Widely followed financial planner Dawn J. Bennett hosted a radio show called Financial Myth Busting, and federal authorities allege her on-air claims about her AUM were myths, too.

The SEC announced fraud charges Wednesday claiming that the Washington, D.C.-based advisor “frequently touted to customers and more broadly on her paid radio program that highly profitable investment returns generated by Bennett Group Financial Services placed it in the ‘top 1%’ of firms worldwide without disclosing that the returns were calculated for a model portfolio and not based on actual investor performance.”

“We allege that in a calculated effort to inflate their profile and prestige, Bennett and her firm overhyped the amount of assets they manage for customers and the actual returns on their investments,” said Sharon Binger, director of the SEC’s regional office in Philadelphia. “The investing public is entitled to a level of confidence that information they receive about brokerage and advisory services is accurate, and this case shows that so-called financial experts on the radio are often merely advertisers who may not be doing so truthfully.”

Messages left at Bennett Group Financial Services were not returned, nor were emails sent to the firm. Her show's website and Facebook page remained online and unaltered after the release. No one at the radio show syndicator returned inquiries regarding the status of Bennett's show following the SEC announcement. It was not immediately clear whether Bennett had hired a lawyer to represent her.

In several instances on-air and on a Facebook page for her radio show, which Bennett began syndicating in 2010 through Arlington, Va.-based Radio America, the SEC alleges that “Bennett and her firm claimed to be managing more than $2 billion in assets when the real number was no more than one-fifth of that amount.”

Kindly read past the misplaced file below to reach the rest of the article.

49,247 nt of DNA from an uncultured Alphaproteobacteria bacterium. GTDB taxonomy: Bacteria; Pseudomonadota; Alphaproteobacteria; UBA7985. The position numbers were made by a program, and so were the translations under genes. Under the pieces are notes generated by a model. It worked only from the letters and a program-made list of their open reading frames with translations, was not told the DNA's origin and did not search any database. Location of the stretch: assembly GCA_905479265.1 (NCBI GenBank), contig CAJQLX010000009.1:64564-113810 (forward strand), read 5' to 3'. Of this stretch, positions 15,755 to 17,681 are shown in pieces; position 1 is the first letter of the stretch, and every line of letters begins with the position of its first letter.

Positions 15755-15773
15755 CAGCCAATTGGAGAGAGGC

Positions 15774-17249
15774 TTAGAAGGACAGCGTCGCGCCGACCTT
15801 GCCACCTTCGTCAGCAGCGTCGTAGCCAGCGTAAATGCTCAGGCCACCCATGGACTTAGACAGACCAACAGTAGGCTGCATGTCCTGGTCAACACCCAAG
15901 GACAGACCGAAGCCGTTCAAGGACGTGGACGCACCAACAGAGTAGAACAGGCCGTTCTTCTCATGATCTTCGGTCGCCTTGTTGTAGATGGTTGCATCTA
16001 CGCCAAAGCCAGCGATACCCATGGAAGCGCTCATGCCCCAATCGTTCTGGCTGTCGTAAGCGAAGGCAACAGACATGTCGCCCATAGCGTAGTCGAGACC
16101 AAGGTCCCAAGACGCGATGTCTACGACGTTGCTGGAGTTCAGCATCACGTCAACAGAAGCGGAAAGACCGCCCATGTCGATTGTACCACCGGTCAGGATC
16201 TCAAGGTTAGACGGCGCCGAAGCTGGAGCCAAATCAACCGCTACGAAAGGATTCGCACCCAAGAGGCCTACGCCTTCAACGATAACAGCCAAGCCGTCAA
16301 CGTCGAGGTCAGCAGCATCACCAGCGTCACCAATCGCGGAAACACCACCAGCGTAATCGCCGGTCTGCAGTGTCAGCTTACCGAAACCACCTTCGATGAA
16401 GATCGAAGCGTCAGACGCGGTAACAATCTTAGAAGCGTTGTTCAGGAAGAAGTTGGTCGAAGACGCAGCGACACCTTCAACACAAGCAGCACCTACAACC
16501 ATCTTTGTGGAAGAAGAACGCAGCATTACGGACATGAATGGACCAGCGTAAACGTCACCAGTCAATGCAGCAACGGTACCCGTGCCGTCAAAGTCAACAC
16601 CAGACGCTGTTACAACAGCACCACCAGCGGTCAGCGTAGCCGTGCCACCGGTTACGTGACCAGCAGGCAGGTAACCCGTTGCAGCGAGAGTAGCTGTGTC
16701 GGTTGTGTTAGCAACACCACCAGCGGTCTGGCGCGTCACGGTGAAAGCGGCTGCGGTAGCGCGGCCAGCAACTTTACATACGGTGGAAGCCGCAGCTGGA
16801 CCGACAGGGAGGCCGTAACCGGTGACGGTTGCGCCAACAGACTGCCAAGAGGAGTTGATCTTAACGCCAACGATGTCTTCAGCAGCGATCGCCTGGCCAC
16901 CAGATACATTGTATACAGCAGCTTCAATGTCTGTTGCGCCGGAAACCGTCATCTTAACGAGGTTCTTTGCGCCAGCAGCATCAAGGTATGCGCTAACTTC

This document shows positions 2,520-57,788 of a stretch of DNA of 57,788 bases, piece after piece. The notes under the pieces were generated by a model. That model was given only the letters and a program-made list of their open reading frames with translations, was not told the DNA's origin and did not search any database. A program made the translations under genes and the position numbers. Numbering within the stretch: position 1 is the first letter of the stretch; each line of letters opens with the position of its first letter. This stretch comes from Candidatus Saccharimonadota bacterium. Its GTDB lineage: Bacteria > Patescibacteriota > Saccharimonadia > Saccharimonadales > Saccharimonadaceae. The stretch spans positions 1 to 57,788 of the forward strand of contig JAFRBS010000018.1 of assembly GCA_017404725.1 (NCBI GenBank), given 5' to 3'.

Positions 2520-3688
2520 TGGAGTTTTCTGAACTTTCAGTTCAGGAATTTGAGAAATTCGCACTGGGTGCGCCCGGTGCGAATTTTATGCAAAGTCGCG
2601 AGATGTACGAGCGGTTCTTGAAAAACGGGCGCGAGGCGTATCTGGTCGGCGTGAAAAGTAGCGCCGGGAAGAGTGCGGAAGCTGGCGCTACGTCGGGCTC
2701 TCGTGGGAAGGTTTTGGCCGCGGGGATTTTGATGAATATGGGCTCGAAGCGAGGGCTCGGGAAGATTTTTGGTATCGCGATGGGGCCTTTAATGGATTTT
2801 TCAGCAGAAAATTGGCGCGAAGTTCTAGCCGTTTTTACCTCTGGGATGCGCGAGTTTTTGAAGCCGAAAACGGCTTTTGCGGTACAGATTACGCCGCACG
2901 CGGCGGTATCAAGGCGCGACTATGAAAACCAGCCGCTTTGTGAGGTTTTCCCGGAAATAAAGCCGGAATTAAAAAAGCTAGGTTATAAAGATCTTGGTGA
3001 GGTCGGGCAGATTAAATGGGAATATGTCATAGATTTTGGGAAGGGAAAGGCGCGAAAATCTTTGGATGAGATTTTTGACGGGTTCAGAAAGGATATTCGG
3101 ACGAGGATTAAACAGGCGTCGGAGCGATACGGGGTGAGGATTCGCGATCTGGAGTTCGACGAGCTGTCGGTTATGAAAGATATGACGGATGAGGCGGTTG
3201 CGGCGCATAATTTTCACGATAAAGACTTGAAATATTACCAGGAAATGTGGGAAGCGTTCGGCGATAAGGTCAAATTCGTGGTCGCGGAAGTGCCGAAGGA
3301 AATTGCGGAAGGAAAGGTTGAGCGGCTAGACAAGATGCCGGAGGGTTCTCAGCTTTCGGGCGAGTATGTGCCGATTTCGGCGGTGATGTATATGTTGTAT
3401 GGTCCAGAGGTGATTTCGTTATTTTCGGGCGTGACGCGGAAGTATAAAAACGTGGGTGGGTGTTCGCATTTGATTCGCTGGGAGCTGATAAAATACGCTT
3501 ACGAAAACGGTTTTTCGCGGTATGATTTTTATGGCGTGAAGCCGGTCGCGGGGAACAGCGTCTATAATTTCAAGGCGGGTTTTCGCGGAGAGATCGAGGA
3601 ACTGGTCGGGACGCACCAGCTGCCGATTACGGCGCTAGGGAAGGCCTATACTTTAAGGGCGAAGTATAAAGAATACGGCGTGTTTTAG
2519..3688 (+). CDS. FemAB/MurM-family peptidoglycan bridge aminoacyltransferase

Additionally, the SEC claims Bennett and her firm “falsely asserted that they gave advice about short-term cash management to three corporate clients regarding more than $1.5 billion in corporate assets.  In reality, they never provided such advice.”

The lesson for advisors from these cases is a simple one, says Jupiter, Fla.-based securities attorney Marc S. Dobin: “If you're going to promote your business publicly, what you say to the public has to be true.”

There are going to be changes in an advisor's AUM in any market, especially one that has seen volatility like in recent weeks, Dobin says. However, he adds, "If you misstate your AUM by a factor of 200%, that's not a white lie. That's going to make the SEC crazy."

David Mrazik, managing partner of the Hamburger Law Firm and managing director of MarketCounsel, says Bennett’s hosting of a media program is not the reason for the SEC case; advisors are allowed to promote their businesses. "Nothing says you can't have a radio show – this  case is about truth in advertising and not committing fraud. Supplying misleading information is clearly not in the best interest of clients," Mrazik says.

"The SEC is increasing its surveillance and supervision on how people marketing themselves," Dobin adds. "If you lie about how big you are, that’s an easy one; that's low-hanging fruit for the SEC."

The regulatory agency says a public hearing before an administrative law judge has been scheduled (the date was not disclosed) to determine what if any action will be taken against Bennett and her firm.

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